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Biomedical Engineering (BME)

Doctoral Degree (PhD) Program


Doctoral students are admitted on two levels: Post Baccalaureate or Post Master's PhDs. Students who have completed only a Bachelor's degree are admitted as Post Baccalaureate and students who have earned a prior MS degree may be admitted as Post Master's PhD students at the discretion of the admission committee.


To be awarded the PhD, post baccalaureate students must complete 90 credits. Post master's students must complete a total of 45 credits. All students are required to satisfy the MS core courses as listed in the table below except those students who have taken these courses during their MS studies at Drexel's School of Biomedical Engineering, Science and Health Systems.

All the requirements of the Master's degree program below are incorporated into the Post Baccalaureate Doctoral Program with exception of the Master's thesis. Doctoral students must pass successfully a "candidacy examination" at the end of the first year of their study, but no later than the end of the second year. After the student has passed the candidacy examination, he or she is named a Doctoral Candidate. Candidates must submit a Thesis Proposal by the end of the second year and give an oral presentation to a committee of five professors. Once the student has successfully completed his or her research and has written a thesis according to the guidelines specified by the Office of Research and Graduate Studies he or she must give an oral presentation of his or her accomplishments and defend the thesis.

For a more detailed description of the PhD requirements, please visit the PhD Program Guidelines page.

Curriculum & Coursework

BMES 501 Medical Sciences I 3.0 Credits
BMES 502 Medical Sciences II 3.0 Credits
BMES 503 Medical Sciences III 3.0 Credits
BMES 672 Biosimulation I 3.0 Credits
BMES 672 Biosimulation II 3.0 Credits
BMES 864 Seminar x Three terms 0.0 Credits

Areas of Specialization

The graduate program of the School does not offer concentration areas in sub-disciplines. However, students can plan their own concentration of courses that will give them strength in a particular sub-discipline. The areas of specialization of the School's faculty from which students can learn and participate in research are:

Biomaterials and Tissue Engineering

Biomaterials and tissue Engineering is designed to provide students with advanced training in cellular and molecular biology relevant to tissue engineering and behavior of materials used in biomedical applications.

Biomechanics and Human Performance Engineering

Biomechanics and human performance engineering is designed to meet two objectives: to acquaint students with the responses of biological tissues to mechanical loads as well as with the mechanical properties of living systems and to provides the students with the background and skills needed to create work and living environments which improve human health and enhance performance. Biomechanics and Human Performance also involves the study of orthopedic appliances and the broader aspect of Rehabilitation Engineering and the Management of Disability.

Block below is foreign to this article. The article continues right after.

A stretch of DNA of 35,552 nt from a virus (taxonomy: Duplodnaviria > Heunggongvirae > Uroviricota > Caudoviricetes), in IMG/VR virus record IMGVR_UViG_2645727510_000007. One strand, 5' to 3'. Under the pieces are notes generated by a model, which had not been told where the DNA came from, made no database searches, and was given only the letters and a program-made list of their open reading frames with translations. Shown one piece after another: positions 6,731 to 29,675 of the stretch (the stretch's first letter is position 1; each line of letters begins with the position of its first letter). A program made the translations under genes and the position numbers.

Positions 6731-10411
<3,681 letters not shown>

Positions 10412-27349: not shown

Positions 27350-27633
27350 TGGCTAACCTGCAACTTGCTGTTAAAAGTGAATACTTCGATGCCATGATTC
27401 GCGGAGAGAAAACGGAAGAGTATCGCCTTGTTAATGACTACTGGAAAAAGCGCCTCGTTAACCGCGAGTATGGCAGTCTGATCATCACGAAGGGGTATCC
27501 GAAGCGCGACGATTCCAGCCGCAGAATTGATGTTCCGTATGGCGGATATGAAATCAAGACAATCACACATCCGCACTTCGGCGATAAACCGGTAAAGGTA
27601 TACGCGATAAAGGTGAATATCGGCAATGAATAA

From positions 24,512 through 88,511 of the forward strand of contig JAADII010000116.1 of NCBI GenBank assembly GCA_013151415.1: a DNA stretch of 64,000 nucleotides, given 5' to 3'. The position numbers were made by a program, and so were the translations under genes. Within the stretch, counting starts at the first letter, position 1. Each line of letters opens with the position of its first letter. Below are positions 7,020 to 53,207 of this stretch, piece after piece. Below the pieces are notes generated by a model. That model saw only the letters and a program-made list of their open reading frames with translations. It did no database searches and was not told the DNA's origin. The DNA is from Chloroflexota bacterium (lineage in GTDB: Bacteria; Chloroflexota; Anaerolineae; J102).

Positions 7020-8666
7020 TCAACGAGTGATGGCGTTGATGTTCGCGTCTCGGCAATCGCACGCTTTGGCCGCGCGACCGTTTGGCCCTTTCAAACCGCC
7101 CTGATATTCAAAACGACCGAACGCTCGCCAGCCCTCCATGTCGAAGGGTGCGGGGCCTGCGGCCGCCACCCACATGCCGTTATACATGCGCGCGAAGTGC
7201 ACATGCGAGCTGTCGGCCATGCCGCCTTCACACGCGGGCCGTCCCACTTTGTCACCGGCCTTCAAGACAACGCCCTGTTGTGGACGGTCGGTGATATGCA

Biomedical Systems and Imaging

Biomedical systems and imaging focuses on the theoretical and practical issues related to machine vision, image processing and analysis, and signal processing associated with such medical applications as well biomedical instrumentation and product development.


This specialization emphasized a systems engineering approach to provide a foundation in systems biology and pathology informatics. Students are provided students with hands-on experience in the application of genomic, proteomic, and other large-scale information to biomedical engineering as well as experience in advanced computational methods used in systems biology: pathway and circuitry, feedback and control, cellular automata, sets of partial differential equations, stochastic analysis, and biostatistics.


Neuroengineering is broadly defined to include the modeling of neural and endocrine systems, neural networks, complexity in physiological systems, evolutionary influences in biological control systems, neurocontrol, neurorobotics, and neuroprosthetics.

Neuroengineering at Drexel

Biomedical Technology Development

This concentration area and certificate program aims to provide engineers with the comprehensive education and training necessary to succeed in careers in business, industry, non-profit organizations, and government agencies involving biomedical technology development. The concentration area in Biomedical Technology Development is a professional degree program and follows the School of Biomedical Engineering, Sciecnce and Health Systems' established procedures for a non-thesis option master's degree. Students interested in this concentration should develop a plan of study in consultation with the concentration coordinator, Dr. Kambiz Pourrezaei, before the beginning of the second term. The electives should also be chosen in consultation with the concentration coordinator.

Graduate Admissions

For more information about the application, financial aid, cost of study, and length of the program, please visit the Graduate Admissions website.

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Please contact Natalia Broz to request more information.

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